Originally Posted by jamawani View Post
Cyccommute has argued with practically everything I have ever posted here.
Simply put - I have 100,000 of riding - much of it in the West.
My routings are not for everyone - and certainly not for Cyccommute.
So you have done 100,000 miles of riding. Many of the rest of us have done similarly.

I wouldn't avoid your routes for myself but I wouldn't suggest many routes you have proposed for someone not familiar with the area. I have no problem going to remote places but I'm not going to suggest to someone that they go there without foreknowledge of what they are trying to do. I have no idea what revcp's abilities nor experience level is so I'm going to err on the side of a little bit of caution. The route you suggest does about 120 miles across the least populated part of the Red Desert. It's doable but I wouldn't suggest it to just anyone. Going through Walden also crosses part of the Red Desert but it is at least a little more populated.


Originally Posted by jamawani View Post
Neither CO 17 nor US 285 is ideal - but those are the paved options.
Both are arrow-straight and have high speeds with moderate+ traffic.
The CO 17 option has 24 miles; the US 285 option has 17 miles. So fewer tough miles.
CO 17 has a shoulder inches wide with cracks into the main roadway.
About 1/3 of the US 285 section has wide shoulders, the rest 1-2 feet.
But hey, choose what you like.
CO17 has a bit less traffic.

Originally Posted by jamawani View Post
The route north of Saguache is not for a beginner.
But if offers very little traffic in many stretches and great scenery.
Plus, it's far more direct than via Walden or Vernal, Utah.
And therein lies my problem with your routes. You offer routes that aren't for beginners without apparently knowing whether the person is a beginner or not. I assume that someone doesn't have my level of knowledge of an area or they wouldn't be asking the question in the first place.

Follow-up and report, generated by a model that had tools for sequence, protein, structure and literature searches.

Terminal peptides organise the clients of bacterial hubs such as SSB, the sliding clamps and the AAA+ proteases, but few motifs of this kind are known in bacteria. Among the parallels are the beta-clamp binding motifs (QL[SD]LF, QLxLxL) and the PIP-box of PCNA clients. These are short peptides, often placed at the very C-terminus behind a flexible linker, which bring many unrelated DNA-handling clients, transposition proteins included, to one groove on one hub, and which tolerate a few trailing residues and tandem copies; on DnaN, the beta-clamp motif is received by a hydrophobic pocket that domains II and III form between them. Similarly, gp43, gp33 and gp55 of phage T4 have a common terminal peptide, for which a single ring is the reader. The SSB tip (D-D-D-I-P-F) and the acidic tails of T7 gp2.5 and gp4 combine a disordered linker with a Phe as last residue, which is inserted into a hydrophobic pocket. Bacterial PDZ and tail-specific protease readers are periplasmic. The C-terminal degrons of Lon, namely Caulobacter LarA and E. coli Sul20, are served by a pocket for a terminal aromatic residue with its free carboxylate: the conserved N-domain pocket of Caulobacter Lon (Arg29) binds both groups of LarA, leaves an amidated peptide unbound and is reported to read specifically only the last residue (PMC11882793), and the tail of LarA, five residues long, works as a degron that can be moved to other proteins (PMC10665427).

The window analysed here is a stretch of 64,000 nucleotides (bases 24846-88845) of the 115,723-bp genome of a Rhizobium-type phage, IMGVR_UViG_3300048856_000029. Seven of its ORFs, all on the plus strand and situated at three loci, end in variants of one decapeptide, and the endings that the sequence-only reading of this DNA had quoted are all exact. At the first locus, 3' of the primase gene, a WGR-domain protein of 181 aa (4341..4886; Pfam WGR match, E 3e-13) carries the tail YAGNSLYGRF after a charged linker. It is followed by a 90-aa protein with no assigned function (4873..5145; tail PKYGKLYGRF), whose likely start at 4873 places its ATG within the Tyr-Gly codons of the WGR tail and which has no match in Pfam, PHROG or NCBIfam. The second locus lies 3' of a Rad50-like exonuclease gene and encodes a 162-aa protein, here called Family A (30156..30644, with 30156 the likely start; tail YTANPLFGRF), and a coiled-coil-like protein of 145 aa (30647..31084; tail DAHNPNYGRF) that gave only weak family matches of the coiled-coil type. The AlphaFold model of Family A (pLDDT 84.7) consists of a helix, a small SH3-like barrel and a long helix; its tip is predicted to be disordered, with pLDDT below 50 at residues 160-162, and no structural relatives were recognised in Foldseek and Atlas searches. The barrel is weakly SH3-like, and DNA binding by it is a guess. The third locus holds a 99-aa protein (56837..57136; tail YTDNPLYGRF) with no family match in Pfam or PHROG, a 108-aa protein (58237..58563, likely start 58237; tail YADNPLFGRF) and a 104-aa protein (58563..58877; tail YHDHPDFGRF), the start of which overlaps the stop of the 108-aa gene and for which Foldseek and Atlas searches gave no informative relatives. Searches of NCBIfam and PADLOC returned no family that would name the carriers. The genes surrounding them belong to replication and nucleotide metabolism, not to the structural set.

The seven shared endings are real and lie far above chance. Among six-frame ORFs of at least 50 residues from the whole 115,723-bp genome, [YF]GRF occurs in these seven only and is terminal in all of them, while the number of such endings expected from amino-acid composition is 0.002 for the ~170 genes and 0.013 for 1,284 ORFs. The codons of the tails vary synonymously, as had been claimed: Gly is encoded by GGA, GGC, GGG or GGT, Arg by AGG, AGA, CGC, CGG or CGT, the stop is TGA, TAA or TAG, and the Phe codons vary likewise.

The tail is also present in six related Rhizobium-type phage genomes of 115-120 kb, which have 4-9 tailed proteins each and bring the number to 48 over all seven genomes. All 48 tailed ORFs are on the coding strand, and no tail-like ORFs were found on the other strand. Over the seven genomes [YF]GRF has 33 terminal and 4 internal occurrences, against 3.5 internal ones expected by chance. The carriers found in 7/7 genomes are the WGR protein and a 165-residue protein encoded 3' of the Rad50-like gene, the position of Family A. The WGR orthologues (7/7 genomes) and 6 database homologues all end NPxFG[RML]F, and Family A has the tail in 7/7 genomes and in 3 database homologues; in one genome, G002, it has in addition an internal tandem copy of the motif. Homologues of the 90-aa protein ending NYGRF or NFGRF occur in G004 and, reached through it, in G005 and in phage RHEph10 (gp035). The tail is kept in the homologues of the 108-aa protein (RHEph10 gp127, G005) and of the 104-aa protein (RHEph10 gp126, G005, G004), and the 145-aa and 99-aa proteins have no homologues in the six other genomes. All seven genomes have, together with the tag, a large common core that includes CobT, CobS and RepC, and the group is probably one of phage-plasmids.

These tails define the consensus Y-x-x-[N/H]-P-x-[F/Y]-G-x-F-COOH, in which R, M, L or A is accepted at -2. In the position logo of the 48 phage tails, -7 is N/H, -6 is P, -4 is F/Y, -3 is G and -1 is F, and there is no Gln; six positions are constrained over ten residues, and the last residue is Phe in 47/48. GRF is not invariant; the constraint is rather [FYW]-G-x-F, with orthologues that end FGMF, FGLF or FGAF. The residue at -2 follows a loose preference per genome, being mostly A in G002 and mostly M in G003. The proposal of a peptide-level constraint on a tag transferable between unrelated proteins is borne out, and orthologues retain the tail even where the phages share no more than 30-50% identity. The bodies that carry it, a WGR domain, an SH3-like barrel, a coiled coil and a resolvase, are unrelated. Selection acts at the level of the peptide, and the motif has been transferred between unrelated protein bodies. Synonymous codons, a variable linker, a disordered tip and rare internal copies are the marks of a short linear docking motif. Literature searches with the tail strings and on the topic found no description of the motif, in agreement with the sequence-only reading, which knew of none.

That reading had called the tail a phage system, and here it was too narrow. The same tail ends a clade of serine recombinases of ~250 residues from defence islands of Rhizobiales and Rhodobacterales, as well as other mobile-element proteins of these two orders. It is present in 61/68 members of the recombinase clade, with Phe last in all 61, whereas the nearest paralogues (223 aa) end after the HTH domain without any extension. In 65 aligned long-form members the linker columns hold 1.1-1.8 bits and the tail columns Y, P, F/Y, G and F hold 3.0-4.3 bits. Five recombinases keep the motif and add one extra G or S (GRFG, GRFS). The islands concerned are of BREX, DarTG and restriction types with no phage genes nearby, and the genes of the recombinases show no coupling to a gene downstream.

The most direct route isn't always the best route. Nor is the lest direct route always the best route. You seem to go out of your way to avoid traffic of any kind. That's your choice and opinion. I suggest routes that are still pretty low on traffic but at least have a bit more in terms of places to stop and/or obtain necessities. Different approaches. That doesn't make your choice better than mine. On the other hand, it doesn't make my suggestions wrong either.


Originally Posted by jamawani View Post
US 24 thru Buena Vista is brutal with killer traffic.
ACA is beginning to rethink its route because of the traffic on Hwy 9.
US24 doesn't go south of Buena Vista. US285 does. US24 goes north out of Buena Vista to Leadville or east towards Colorado Springs. But both have the same wide shoulders that you tout as great around Saguache. Riding through the Arkansas River Valley around Buena Vista is hardly a hellhole. And, if you want to avoid CO 9 north of Dillon, going north on US24 out of Leadville then going north at Walcott on CO131 is a good option. Tennessee Pass and the Yampa River Valleys are great rides.

Hey, wait a minute! I seem to recall having some chops being busted about riding on I-70. The only place in the entirety of Colorado where there isn’t a shoulder on I-70 to my knowledge occurs on the short little section of I-70 you are suggesting on that route. Curious that.